When Bob Harrison Completes His New Design On The Breathtaking Scottish Island of Jura, It Could Be the Aussie Architect’s Finest Work Yet.
When the Open Championship is held in Scotland, the focus of the golf world shifts to the birthplace of our game. And the many golfing pearls dotted across her majestic coastline. St Andrews, Muirfield, Carnoustie, Turnberry, Royal Troon and Royal Dornoch are household names for those who have – and haven’t – travelled to her ancient shores. Throw in Royal Aberdeen, Prestwick and North Berwick as fun alternatives and it’s hard to argue against this being the greatest golf destination in the world.
While visitors gravitate towards the older links there, there are a number of modern designs with a strong following. Kingsbarns (outside St Andrews) is the most established, followed by Castle Stuart, which has hosted several Scottish Opens. These newer layouts have primarily been developed and/or designed by North Americans, including signature professionals such as Jack Nicklaus (Gleneagles) and Tom Wesikopf (Loch Lomond) to proper designers including Tom Doak (Renaissance Club), Gil Hanse (Castle Stuart & Crail).
All of which makes the new Ardfin course on the sparsely populated Scottish Island of Jura so different and unique. Here, in the home of golf, is a new development not only being designed by Australian Bob Harrison (below) but also developed by an Aussie financier, Greg Coffey.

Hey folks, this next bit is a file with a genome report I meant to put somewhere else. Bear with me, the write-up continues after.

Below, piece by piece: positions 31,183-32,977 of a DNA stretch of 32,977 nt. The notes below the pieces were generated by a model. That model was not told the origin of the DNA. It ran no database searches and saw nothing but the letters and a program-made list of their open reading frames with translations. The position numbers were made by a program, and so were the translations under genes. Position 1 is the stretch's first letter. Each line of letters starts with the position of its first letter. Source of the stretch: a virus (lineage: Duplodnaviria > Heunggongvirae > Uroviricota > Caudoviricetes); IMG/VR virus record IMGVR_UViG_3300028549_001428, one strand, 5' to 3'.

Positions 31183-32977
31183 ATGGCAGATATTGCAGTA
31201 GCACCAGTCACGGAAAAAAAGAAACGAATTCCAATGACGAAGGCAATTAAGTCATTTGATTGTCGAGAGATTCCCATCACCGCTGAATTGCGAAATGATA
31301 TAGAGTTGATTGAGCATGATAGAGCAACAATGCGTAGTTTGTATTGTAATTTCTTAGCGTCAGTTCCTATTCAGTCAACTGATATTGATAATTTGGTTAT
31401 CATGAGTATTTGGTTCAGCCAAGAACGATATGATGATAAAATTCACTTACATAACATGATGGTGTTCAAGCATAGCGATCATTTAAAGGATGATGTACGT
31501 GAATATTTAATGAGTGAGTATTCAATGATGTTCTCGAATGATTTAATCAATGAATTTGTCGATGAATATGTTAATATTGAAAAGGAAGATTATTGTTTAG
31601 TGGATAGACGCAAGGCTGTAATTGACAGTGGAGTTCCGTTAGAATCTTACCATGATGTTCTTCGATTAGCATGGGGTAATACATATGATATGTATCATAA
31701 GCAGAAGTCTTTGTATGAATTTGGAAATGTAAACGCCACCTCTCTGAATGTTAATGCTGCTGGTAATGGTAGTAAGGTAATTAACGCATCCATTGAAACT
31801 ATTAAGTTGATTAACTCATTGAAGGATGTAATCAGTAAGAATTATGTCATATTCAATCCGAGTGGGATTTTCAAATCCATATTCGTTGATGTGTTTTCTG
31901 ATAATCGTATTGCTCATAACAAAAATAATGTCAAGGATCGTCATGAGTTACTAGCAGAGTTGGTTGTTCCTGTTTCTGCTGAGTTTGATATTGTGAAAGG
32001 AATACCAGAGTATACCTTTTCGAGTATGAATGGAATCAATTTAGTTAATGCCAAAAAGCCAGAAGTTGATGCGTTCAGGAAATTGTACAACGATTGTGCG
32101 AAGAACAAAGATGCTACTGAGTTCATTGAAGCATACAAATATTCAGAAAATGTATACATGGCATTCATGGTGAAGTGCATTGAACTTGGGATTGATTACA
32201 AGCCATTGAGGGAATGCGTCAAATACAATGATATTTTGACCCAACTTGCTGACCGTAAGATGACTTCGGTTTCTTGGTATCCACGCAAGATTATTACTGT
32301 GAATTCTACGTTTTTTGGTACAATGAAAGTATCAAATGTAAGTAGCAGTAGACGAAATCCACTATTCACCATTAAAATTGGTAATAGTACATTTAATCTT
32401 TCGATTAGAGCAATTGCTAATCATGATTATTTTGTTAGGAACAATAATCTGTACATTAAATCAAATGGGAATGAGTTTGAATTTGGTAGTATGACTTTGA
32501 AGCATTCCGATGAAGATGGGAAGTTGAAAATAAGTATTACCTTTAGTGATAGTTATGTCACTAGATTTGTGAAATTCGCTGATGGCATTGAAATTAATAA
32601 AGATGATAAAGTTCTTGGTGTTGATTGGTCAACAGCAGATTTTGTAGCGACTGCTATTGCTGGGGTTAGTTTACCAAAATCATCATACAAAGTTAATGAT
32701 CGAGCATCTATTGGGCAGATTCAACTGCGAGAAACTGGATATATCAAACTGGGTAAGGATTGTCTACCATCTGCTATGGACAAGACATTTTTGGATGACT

Harrison describes the project as “perhaps the most significant and enjoyable” of his career. The genesis of the project dates back to when Coffey and his family first visited the Southern Hebrides and fell in love with the vast 14,000-acre Ardfin Estate, which for decades had been used chiefly for deer stalking. Ardfin not only had the land necessary to build a spectacular golf course, but it was also home to the stately Jura House and cottages and stables dating to the 18th century. Coffey’s plan was to restore and upgrade the amenity to 5-star standards, and to allow access to the golf course for friends, family and a limited number of lodge guests.
For the first ever course on Jura to be a success, it needed to be of a standard sufficient to satisfy the tastes of both the developer and expected clientele. Coffey selected Harrison as his designer partly because of the role he played building the ultra-private Ellerston course for Kerry Packer. It was also due to their mutual love of shiraz, Test cricket and this particular corner of Scotland.
To appreciate just how special this project is for Harrison, it’s necessary to understand that Jura lies less than a kilometre from the island of Islay, home to the timeless Machrie Golf Links. Prior to meeting Coffey, Harrison fell in love with Machrie and made numerous trips to the Hebrides to play what he calls the “wildest links in Scotland.” For Harrison to be able work on the island next door, and leave his own design legacy for Scotland, has been a dream come true. “Any course in the home of golf would be exciting,” says Harrison. “But to have such a beautiful and spectacular site is the icing on the cake. It’s become my favourite place on earth, and I have a reverence for the landscape.”
Beyond proximity to one of the quirkiest links in golf, is a site of rare natural beauty overflowing with scenic possibilities. The Coffeys own more than 15km of Jura coastline, along with seven private islands between their shores and Islay’s. Harrison had his choice of land, and selected an area around the manor house, closest to the larger offshore islands. The opening seven holes will play to the east of Jura House, and the final 11 west.